In the hey days of Kilembe Mines, Kyenjojo and MacGawn were exclusively whites-only areas for the residence of the mine’s senior management staff. My rendezvous was in Kyenjojo.
From Kasese Town centre, the asphalt road to Kyenjojo cut around the hills on the eastern bank of River Nyamwamba like an African boa constrictor. We passed by the late Gen James Kazini’s hotel thing standing sentinel, like a Roman centurion, to Kasese’s CBD.
One kilometre later, the immaculately manicured Kilembe Golf Course revealed itself to us; later giving way to the famous Hotel Margharita and its intemperate-climes themed expansive jardin.
But then I should not write this as some foreign journalist on his first assignment in Africa for I have been on this road for uncountable times. Only that this time I was on this road to treat with Gen Salim Saleh. Yes, that one.

Last Saturday, Gen Saleh’s aide called me to something he called multi-purpose hall. When I said I didn’t know where it was located, the aide ribbed me: How can someone ‘alleging’ that he is a Mukonzo fail to know where Kasese Multi-Purpose Hall is?
Anyway, the boda boda guy dropped me there only to land into a running workshop at the hall. The workshop or meeting was discussing a development programme initiated by Gen Saleh that could kick-start Kasese’s socio-economic transformation. In the meeting, it was revealed that about 40 tractors were on their way to Kasese.
But the poignancy of the meeting was captured in the location of Kasese Multi-Purpose Hall. Kasese Multi-Purpose Hall is on the premises of what used to be Kasese’s Tractor Hire Unit. That the availability of 40 tractors was being discussed in the premises of the ‘former’ (please mark the word ‘former’) tractor hire unit, was very telling.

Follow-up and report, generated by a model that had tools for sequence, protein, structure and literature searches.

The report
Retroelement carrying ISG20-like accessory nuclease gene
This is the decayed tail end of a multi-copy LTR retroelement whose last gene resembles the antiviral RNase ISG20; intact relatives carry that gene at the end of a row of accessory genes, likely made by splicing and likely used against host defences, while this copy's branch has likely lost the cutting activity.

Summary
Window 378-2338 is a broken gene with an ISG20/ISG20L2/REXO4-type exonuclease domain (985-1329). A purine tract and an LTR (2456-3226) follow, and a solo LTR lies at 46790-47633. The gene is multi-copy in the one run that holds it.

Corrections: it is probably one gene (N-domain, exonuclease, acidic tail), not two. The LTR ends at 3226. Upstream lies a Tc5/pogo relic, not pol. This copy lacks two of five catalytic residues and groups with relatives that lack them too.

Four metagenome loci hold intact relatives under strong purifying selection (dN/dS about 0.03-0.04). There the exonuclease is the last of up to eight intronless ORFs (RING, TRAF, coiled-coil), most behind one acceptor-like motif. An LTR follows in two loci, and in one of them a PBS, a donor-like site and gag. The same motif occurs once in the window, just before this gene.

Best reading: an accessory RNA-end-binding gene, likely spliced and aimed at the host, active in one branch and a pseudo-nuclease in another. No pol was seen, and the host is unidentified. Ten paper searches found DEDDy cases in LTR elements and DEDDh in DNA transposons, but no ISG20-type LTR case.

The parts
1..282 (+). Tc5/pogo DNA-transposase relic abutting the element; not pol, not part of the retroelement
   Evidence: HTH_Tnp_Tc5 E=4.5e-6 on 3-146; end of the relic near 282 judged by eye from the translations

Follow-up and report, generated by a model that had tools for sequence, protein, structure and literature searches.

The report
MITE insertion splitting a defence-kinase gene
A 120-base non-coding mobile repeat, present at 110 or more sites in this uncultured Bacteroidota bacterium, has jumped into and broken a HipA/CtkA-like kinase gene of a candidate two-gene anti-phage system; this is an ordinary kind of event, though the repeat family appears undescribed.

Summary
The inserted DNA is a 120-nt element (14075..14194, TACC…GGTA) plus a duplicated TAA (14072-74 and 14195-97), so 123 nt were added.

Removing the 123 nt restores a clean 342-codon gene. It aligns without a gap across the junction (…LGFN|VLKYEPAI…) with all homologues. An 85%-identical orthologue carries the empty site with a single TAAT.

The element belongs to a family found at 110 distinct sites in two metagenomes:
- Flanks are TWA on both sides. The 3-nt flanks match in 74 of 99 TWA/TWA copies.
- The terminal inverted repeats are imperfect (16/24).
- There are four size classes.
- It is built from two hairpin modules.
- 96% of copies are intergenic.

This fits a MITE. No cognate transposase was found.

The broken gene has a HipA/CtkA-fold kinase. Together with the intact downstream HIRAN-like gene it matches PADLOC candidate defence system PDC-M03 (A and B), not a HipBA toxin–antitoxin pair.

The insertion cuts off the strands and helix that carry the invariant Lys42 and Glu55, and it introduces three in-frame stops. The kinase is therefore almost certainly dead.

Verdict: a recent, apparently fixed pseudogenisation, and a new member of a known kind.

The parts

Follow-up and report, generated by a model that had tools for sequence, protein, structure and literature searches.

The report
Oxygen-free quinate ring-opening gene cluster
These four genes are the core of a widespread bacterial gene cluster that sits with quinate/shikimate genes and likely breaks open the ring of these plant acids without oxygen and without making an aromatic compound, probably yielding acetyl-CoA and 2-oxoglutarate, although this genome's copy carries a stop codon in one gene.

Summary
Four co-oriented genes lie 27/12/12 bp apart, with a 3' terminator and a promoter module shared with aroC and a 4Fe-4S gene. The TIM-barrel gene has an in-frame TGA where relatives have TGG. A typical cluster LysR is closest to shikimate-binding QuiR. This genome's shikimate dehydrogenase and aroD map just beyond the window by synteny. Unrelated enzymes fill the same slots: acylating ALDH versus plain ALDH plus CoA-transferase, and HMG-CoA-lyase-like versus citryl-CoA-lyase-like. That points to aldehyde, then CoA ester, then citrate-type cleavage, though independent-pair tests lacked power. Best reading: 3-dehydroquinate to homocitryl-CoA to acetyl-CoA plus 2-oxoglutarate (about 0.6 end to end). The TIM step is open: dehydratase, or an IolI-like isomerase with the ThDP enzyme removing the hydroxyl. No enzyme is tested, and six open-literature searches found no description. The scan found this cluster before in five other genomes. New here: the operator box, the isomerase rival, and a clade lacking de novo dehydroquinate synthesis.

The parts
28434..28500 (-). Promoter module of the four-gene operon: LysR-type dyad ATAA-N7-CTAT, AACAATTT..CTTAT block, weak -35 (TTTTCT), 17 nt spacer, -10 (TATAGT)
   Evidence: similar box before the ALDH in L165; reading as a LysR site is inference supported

The bushy surroundings of the hall and lack of water in the toilets would be another story.
I am not a sound engineer. But dear reader, have you been in a purpose-built hall with a ceiling furnished with smooth materials capable of bouncing sound and a ceramics-tiled floor? Dear Kasese leaders, please forgive my criticism...
The poor engineering aspects of Kasese’s Mulitiple Purpose Hall apart, Gen Saleh should be credited for the more than Shs100 billon ‘priced’ marshal plan. In our one-to-one meeting, I told Gen Saleh that what Kasese needed was water for production (irrigation). The rest like food security, agribusiness, agro-processing and agro-based industrial development would follow as a consequence of increased agriculture production.
Without the procurement of production water, agriculture mechanisation (the available tractors) would not be of any use (or we would be ‘wasting time’ as Gen Saleh is wont to say).
Another point Gen Saleh and I discussed (and disagreed) was his idea of ‘rewarding’ encroachers on Kilembe Mines land with titled ownership. My ‘forceful’ suggestion was that ‘we’ should evict them (outright) failure of which, we should turn their landholdings into 49-year lease titles at the expiry of which they would quit.
And Gen Saleh responded: What kind of government can evict more 1,000 people from lands they have occupied for more than 10 years? I surrendered; I don’t do politics, you know. My argument was that if ‘we’ allow illegal squatters any quarters on Kilembe Mines land, those on Uganda Railways land would be preparing for a party or land bonanza.

After our four-hour discussion, Gen Saleh said: It is like I am discovering Kasese. And I told him that his presence in Kasese seems to have inspired Kasese leaders to re-discover themselves. Everyone is looking forward to the implantation of the more than Shs100b priced marshal plan.